Nandy and Long-Bailey have signed up to 12 pledges put forward by the Labour Campaign for Trans Rights, which described particular organisations as “hate groups”, while Starmer has opted not to do so – instead supporting the LGBT+ Labour pledges.
Asked about the conversation currently being held around these issues, Nandy talked about the need to “have a much, much more nuanced, much more considered, much more respectful debate within the party”.
She added: “What we’ve managed to do with this debate is what we’ve managed to do with nearly every important or contentious issue in recent years – whether it’s Brexit, or Israel/Palestine, or trans rights.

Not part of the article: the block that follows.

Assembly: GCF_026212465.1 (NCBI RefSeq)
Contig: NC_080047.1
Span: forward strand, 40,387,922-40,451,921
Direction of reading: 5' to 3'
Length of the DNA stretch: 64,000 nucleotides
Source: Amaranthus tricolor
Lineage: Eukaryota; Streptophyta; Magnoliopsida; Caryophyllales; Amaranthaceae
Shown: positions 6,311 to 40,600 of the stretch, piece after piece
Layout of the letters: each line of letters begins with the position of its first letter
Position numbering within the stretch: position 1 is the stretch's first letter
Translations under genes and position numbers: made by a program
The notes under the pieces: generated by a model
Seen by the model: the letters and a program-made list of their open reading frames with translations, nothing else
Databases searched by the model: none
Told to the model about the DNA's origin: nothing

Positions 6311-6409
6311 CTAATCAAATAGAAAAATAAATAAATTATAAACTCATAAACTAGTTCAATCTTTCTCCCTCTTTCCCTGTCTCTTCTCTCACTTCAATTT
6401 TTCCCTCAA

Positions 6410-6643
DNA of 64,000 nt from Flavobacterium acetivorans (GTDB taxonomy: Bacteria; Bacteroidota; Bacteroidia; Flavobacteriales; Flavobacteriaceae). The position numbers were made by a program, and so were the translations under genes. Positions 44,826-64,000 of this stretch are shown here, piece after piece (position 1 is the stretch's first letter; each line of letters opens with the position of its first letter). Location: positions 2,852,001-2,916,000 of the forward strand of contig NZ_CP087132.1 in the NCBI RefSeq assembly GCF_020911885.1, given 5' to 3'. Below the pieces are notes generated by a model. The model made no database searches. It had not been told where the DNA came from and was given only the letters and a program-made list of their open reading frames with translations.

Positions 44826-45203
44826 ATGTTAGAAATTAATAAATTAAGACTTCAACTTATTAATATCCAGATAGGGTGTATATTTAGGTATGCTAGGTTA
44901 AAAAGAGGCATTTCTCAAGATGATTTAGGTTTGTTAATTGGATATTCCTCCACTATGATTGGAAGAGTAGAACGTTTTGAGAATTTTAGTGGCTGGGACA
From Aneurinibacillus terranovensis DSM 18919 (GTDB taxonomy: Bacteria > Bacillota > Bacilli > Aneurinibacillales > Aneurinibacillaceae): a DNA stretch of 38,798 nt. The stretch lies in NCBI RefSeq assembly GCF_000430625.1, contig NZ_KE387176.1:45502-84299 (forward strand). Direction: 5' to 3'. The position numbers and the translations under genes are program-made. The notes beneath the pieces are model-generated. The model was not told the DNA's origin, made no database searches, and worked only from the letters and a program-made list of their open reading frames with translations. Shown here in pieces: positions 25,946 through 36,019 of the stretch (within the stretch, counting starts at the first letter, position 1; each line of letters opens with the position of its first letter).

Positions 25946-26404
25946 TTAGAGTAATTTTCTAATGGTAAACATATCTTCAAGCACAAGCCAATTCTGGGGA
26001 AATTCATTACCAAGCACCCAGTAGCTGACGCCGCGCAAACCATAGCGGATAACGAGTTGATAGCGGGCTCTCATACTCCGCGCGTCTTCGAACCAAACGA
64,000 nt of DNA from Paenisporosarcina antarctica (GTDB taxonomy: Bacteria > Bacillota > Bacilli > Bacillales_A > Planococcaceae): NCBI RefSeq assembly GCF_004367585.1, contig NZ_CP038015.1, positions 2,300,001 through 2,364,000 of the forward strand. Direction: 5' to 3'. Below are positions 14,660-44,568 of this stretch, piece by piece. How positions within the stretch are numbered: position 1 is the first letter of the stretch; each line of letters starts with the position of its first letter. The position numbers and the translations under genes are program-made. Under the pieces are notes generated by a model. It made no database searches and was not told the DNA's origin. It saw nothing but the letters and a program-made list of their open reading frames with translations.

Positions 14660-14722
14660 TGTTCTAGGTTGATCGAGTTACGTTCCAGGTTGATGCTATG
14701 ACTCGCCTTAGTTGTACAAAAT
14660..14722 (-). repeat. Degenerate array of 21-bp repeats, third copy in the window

“We’ve started the conversation with a view that you have to pick a side. One side wins. And we’re going to argue it out until that has happened.”
While the subject is “worth discussing” and “worth standing up for”, Nandy stressed, “the dominance of this issue has become a real problem for the Labour Party as a whole, because out in the country it seems to a lot of people that we’re having a conversation between ourselves”.
“It’s important for Labour that we’re loud and clear about our support for trans men and women. But to most people, this looks like a Labour Party that is not prepared to go out and grapple with the big issues that we face,” the leadership hopeful concluded.
Noting that she had been asked about safe spaces for women and trans rights “about 70 or 80 times”, and Israel and Palestine “about 50 times”, Nandy said: “I’ve been asked once how we win back Bassetlaw. That is a problem for the Labour Party.”
Asked whether she would go further than current party policy by amending the Equality Act as well as the Gender Recognition Act, the Wigan MP replied: “The honest answer to that is that I don’t know. I would have to look a lot more closely at the Equality Act.”